Square began distributing the software app and card reader this May. To see Square in action, check out the short promotional video on the company's website, www.squareup.com.
Here's a quick overview: Users sign up for a Square account online, or via mobile device, after they've downloaded the Square app to the device; the Square card-swipe plug-in arrives by mail a few days or weeks later.
To accept payments with Square, the user launches the app and plugs in the card swipe, enters the transaction amount and swipes the payer's credit or debit card. (Card-readers aren't required; transactions can be keyed in, at a cost of 3.5 percent plus 15 cents.)
The person paying can sign for items right on the phone screen. Electronic receipts, with maps showing the exact location of where the payment took place, can be sent to purchasers by text or email.
Dorsey believes the potential applications for Square are enormous. By most estimates, there are in the United States today about 6 million merchants who take in less than $100,000 a year in credit and debit card payments.
Dorsey sees these folks as prime candidates, especially since Square assumes all the merchant risk, including Payment Card Industry Data Security Standard compliance risks.
Then there are the countless situations in which individuals need to "square up" with one another financially and don't want to hassle with cash or checks. Situations like friends divvying up a dinner tab, selling items on craigs- list and garage sales.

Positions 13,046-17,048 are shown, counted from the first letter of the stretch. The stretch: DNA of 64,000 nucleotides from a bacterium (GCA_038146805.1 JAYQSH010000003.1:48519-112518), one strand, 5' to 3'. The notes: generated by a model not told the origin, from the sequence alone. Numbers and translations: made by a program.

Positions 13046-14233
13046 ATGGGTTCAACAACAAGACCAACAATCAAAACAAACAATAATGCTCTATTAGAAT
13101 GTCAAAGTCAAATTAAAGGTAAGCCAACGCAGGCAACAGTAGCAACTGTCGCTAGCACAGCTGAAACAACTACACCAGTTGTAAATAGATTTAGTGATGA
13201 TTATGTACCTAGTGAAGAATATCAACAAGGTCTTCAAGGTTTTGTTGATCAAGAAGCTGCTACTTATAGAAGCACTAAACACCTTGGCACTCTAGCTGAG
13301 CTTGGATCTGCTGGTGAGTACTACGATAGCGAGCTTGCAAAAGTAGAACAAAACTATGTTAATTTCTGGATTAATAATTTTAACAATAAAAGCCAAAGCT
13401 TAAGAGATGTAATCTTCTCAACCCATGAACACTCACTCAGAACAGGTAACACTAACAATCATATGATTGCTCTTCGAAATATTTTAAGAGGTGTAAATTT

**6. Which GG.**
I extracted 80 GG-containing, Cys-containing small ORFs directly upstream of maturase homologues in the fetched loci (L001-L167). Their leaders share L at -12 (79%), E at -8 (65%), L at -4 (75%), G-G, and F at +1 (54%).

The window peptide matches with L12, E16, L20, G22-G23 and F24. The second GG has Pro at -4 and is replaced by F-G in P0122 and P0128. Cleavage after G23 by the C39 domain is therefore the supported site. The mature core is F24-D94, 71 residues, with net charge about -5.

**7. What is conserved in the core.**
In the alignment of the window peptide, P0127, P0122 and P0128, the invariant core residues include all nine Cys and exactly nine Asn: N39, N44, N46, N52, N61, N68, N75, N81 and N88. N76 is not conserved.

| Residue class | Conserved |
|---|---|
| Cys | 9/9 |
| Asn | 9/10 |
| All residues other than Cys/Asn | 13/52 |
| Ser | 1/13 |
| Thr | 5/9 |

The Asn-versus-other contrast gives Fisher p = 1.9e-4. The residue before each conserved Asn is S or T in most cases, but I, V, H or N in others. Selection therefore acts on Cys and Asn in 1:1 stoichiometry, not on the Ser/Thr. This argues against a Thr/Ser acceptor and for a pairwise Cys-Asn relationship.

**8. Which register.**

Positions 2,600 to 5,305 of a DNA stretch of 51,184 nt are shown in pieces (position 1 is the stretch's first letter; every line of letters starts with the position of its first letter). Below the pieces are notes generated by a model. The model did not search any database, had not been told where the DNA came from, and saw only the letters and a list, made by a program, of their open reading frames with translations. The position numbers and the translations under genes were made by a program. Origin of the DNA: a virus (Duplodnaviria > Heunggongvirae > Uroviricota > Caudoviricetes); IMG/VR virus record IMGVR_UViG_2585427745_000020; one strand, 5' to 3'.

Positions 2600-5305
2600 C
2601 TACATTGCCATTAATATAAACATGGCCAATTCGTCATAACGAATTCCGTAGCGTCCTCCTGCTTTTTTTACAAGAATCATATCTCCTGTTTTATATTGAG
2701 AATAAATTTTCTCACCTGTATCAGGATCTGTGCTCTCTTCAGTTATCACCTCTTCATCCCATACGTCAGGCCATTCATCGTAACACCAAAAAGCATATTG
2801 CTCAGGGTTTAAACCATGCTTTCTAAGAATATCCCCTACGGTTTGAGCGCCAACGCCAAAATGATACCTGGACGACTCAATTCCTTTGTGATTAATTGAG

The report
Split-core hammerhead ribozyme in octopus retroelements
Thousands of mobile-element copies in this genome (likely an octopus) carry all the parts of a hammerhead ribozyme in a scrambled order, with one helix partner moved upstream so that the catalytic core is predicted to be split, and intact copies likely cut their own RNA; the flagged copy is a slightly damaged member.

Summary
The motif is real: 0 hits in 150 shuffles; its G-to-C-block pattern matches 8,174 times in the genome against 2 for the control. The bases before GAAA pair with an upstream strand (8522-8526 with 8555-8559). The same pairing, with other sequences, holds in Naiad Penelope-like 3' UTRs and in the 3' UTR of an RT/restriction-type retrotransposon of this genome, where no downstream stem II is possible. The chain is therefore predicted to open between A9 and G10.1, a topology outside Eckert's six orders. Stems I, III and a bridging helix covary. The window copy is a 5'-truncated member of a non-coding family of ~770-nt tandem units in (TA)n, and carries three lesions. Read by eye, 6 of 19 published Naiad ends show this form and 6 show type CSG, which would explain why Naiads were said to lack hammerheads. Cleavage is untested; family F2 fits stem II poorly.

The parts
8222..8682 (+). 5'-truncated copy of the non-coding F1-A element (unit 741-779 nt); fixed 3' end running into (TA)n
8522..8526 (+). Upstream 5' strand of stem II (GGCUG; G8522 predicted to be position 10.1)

Square isn't the first person-to-person (P2P) micropayment scheme to use mobile telephones; PayPal Inc. is after this space, as are a few lesser known firms.
Addressing a recent payment conference at the Federal Reserve Bank of Chicago, Evans explained how a convergence of technology and network innovations - from cloud computing to apps stores - along with the ubiquity of the web and mobile telephones, is changing the payments landscape. "Software platforms will drive innovation and transform the payments industry," he said.
That's what seems to be happening with Square.
The micropayments market is huge, especially P2P payments. Just look at PayPal which reportedly handled $21 billion in payments in the first three months of this year alone.
Worldwide, the potential for micropayments exceeds $1 trillion a year, according to the international consult-ancy Arthur D. Little.
Recent surveys by various organizations indicate that upwards of half of all Americans would be interested in using mobile phones to make payments. Square takes that process a step further, by making it possible for everyday people to accept payments via their mobiles, too.
It may not be a technology whose time has come, but Square is sure to gain converts, especially if it works as easily and painlessly as the developers claim.
Plenty of folks (me included) didn't expect PayPal to work, but it did, and it continues to work quite well. And now, a large and growing generation with expectations around immediacy is graduating into adulthood. Square responds to this need, just like Twitter and PayPal. And as with most things social, many of the rest of us won't be far behind on the adoption curve.
Patti Murphy is Senior Editor of The Green Sheet and President of The Takoma Group. Email her at firstname.lastname@example.org.